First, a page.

There is also a short section on fermented foods.  Here is where we marry the examples of fermented foods from the past with modern day foods, and we break-down the reasons they are so healthy.

Chapter 17 Antibiotics & Probiotics – 11,400 words

Section 1 – Antibiotics (7200 words)

In depth look at antibiotics from their natural occurrence in nature to their discovery by man and the future of antibiotics and antibiotic resistance.  Lots of quotes from Blaser and others.  Lots of things that even Blaser missed in his new book.

Section 2 – Probiotics (4200 words)

Could be a standalone chapter.  Definitions of probiotics, commercial preparations, benefits, and recommendations.  A special cancer section. Lots of good quotes and lists of probiotics.  Lots of good recommendations for serendipitous use of probiotics.

Chapter 18 – 7 Steps to Re-Wild Your Gut (5,000 word or less target)

Working thesis:

7 steps that tie in with book, evolutionary medicine, evolutionary biology and importance of gut microbiome for health and longevity.

Why carnivorous small intestines vulnerable to many assaults and fermentation after antibiotics or gut damage.

Why herbivorous large intestines maintain our health by being the butyrate factory with RS-degrading microbes.

Why SBO probiotics are special and revolutionary by regressing back to our deep and profound evolutionary history with the Earth.

How the neolithic transition disrupted humans particularly in cutting off supply of effective microorganisms from the dirt after foraging activities were replaced by massive grain cultivation

Chart Modern Gut.

Chapter 19 – The Wrap-up… (4,000 words or less target)

General summary and overview. 

Appendix A – RS Research – 15,500 words

This is a ‘filler’ appendix that contains page after page of PubMed abstracts concerning RS and gut bug research.  Can be tailored to how ever long it needs to be or cut completely.  It’s eye-opening to flip through the multitude of studies to convince yourself this isn’t all ‘made-up.’

Should probably be updated if we want to use it…I compiled this in Jan 2014, probably 100 new studies since then!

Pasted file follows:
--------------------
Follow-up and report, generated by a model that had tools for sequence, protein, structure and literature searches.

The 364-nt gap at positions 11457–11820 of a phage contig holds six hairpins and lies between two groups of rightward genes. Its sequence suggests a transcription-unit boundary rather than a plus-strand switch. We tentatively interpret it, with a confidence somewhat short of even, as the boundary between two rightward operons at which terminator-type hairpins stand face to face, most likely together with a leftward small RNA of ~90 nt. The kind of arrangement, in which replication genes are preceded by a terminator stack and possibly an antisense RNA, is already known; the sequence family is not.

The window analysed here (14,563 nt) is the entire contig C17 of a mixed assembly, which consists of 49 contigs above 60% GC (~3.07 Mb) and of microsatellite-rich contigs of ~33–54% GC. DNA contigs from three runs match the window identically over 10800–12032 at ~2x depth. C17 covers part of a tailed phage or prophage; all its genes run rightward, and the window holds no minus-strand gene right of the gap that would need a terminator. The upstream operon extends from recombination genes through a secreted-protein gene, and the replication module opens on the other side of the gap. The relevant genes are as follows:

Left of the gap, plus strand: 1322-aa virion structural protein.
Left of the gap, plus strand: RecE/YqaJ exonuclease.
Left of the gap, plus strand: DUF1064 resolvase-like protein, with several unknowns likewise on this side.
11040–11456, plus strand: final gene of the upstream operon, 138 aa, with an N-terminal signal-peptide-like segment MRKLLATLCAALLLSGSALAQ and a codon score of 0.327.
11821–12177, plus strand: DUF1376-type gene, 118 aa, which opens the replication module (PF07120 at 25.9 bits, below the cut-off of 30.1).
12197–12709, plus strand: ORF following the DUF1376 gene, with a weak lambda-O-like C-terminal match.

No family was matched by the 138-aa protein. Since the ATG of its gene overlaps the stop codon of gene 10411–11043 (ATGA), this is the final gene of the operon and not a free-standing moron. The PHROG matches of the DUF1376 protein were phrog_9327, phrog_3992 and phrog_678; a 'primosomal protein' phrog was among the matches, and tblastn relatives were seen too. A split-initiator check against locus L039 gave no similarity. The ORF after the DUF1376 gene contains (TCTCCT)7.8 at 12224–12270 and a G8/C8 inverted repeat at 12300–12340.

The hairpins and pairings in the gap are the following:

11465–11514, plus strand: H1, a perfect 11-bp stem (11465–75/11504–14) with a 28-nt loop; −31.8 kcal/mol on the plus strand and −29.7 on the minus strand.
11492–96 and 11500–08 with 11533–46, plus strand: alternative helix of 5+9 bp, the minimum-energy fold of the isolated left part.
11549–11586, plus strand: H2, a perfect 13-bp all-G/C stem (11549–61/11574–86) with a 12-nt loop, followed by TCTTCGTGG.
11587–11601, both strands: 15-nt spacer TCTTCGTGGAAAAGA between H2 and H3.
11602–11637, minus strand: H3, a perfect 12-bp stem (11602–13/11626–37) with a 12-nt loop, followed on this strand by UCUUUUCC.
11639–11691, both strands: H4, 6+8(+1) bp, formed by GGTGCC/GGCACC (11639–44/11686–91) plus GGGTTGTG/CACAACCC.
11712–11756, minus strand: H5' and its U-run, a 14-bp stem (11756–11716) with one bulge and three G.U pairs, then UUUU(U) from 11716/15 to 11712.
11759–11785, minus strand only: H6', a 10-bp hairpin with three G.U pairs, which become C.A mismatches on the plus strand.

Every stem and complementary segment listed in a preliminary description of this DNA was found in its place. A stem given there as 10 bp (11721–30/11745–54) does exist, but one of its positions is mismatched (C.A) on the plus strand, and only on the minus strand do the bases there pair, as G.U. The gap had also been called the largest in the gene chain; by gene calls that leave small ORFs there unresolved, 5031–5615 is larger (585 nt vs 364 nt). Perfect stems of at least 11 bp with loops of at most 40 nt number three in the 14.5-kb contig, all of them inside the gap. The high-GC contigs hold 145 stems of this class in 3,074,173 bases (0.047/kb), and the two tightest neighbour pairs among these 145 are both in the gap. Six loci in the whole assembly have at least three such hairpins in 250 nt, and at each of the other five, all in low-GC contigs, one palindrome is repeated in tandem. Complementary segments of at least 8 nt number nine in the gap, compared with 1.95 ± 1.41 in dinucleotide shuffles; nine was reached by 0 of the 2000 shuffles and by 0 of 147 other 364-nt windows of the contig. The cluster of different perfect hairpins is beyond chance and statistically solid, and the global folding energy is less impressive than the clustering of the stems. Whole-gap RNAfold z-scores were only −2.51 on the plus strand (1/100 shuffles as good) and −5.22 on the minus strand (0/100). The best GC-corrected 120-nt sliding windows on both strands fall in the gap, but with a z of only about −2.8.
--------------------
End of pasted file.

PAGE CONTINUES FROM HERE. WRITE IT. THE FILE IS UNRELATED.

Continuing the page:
Section 1 – Discussion of PubMed and studies

Section 2 – Charts of RS and Gut Bug research since 2004

Section 3 – 20 abstracts of papers from 2013 and 2014 with key words “resistant starch and gut microbiome”

Appendix B – FAQ or Troubleshooting Section (4700 words)

This is the result of thousands of comments on RS and gut bugs.

Section 1 – Potatoes and potato starch

Section 2 – Other RS Sources

Section 3 – Probiotics and Gut bugs

This Series Of Book Chapters Is For Supporting Members

Annual Subscription

The price for membership is $50.00 per Year.

Sign Me Up!

One simple annual charge for everything. Saves $22 off the monthly price of $6. 30% savings. Easy Peasy.

Membership Never Expires.

Monthly Subscription

The price for membership is $6.00 per Month.

Sign Me Up!

Monthly subscription for everything, $6 per month. Cancel at any time with a click.

Membership Never Expires.

Richard Nikoley Free The Animal

I'm Richard Nikoley. Free The Animal began in 2003 and as of 2021, contains 5,000 posts. I blog what I wish...from health, diet, and food to travel and lifestyle; to politics, social antagonism, expat-living location and time independent—while you sleep—income. I celebrate the audacity and hubris to live by your own exclusive authority and take your own chances. Read More


  1. steven on September 3, 2021 at 19:24

    Sell the book, which I will buy.

    Your too willing to trash even your ‘friends’ and long term commenters, and are proud of that fact. Which is why I cannot regularily read your works. Yes, much of what you write is true and correct, which is why I continue to peruse you when I read an email update. I recall you fought with both of the people whom you were writing this book, even though it is such an essential topic, back then and even more so now. I also recall you telling off many of the long term contributors in the comment sections, and these together painted you as a man whom was right very often, yet had to make sure others were made aware of that fact, even if those others were wounded or pushed away as the price to be paid.

    Please, consider talking to the Creator, to get closer using happiness and joy as the benchmark. As I have been doing so for the last 2 months. I have much the same attitude as you, very certain of my opinions and the rightness of my stances. Only the last few days, have I been shown that it is me that is the cause of my problems with others. My certainty and know it all attitude keeps me from having happy discussions with other people – as both people need to be happy, not just me. And not just you.